January 12, 2011 in Signs of Being Pregnant
Pregnancy is a wonderful state of being. Through it, women are able to nurture a completely new life nine months before it makes its official entrance into the world. However, for new mothers, pregnancy might bring about a completely new set of fears. Some of these concerns might seem justified, but most are overreaching. In any case, knowledge is the best way to ease these worries. By knowing the basics behind pregnancy, expecting mothers will not be surprised when certain things happen. In fact, they will understand that these changes are a natural part of the pregnancy experience.
With that being said, you might be wondering when these changes actually begin. Well, the symptoms associated with being pregnant actually begin around 3 weeks after conception. While most pregnancy tests will not register a positive result during this time, expectant mothers may still encounter changes in their body. They will feel nauseous, extremely tired and bloated. They may develop an aversion to certain foods, especially if they are high in fat. As their early pregnancy continues, they may experience spotting. This is very slight bleeding that occurs as the egg burrows itself in the uterus. Many women mistake it for a period, but unlike normal menstruation, spotting lasts for a couple of days. From that point forward, the woman’s body will cease menstruation. A woman will recognize this cessation at around 2 months. At this time, she should get a positive result from an over-the-counter pregnancy test. If she still remains unsure, she can get a blood test from her doctor.
Now if a woman’s pregnancy test is positive, her body will develop even more rapid changes throughout her three trimesters. Towards the end of her first trimester, (when she is about 4 weeks), her fetus will look more human. In addition, her morning sickness will subside, and she will start to notice a “baby bump.” She should also be gaining weight rapidly. Assuming she is not obese, she will need to gain 2 pounds each week during her first trimester. Afterwards, she will need to gain one pound per week. Obese women will have to do things differently, as they can gain no more than 15 pounds during their pregnancy.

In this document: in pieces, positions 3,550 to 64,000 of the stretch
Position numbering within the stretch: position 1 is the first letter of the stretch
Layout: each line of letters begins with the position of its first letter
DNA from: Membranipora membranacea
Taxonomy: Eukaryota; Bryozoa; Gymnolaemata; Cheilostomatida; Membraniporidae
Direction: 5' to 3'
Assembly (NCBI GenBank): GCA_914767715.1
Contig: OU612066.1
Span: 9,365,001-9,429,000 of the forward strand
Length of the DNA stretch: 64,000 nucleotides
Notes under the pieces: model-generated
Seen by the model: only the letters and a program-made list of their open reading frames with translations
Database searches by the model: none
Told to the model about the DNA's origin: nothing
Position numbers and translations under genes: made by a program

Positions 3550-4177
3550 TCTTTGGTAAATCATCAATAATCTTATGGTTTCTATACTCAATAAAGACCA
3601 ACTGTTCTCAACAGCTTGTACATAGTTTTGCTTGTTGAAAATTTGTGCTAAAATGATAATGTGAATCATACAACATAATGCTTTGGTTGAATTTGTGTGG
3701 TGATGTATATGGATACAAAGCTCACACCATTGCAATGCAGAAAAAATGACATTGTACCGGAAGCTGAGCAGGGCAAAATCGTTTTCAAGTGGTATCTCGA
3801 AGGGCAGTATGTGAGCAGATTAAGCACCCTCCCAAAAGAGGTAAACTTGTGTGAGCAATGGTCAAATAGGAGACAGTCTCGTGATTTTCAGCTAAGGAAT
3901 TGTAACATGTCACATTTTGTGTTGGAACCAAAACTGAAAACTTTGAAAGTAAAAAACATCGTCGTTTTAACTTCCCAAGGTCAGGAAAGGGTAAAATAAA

Anyway, as a woman progresses into her second trimester, she may experience a sense of euphoria. While the fetus is still growing, it is not large enough to make her feel uncomfortable. At most, she may feel quickening, which is the sensation women experience as the fetus starts to kick. To many this feeling is pleasant; for others it feels like a nervous twitch. Regardless, it is not extremely bothersome for most women.
What will be more troublesome is the woman’s appetite. Hormonal changes and along with the fetus itself put more demands on the body. A woman may feel hungry even after eating a full meal. To combat these urges, pregnant women should consume fruits, vegetables and other healthy snacks. Carbs and fatty foods should be limited in between meals, as too much weight gain is undesirable. If a woman is of average weight, she should gain no more than 40 pounds throughout her whole pregnancy. Should she gain more, she may put herself at risk for pre-eclampsia and/or gestational diabetes. She may also experience a more arduous labor, as the baby is much bigger than normal.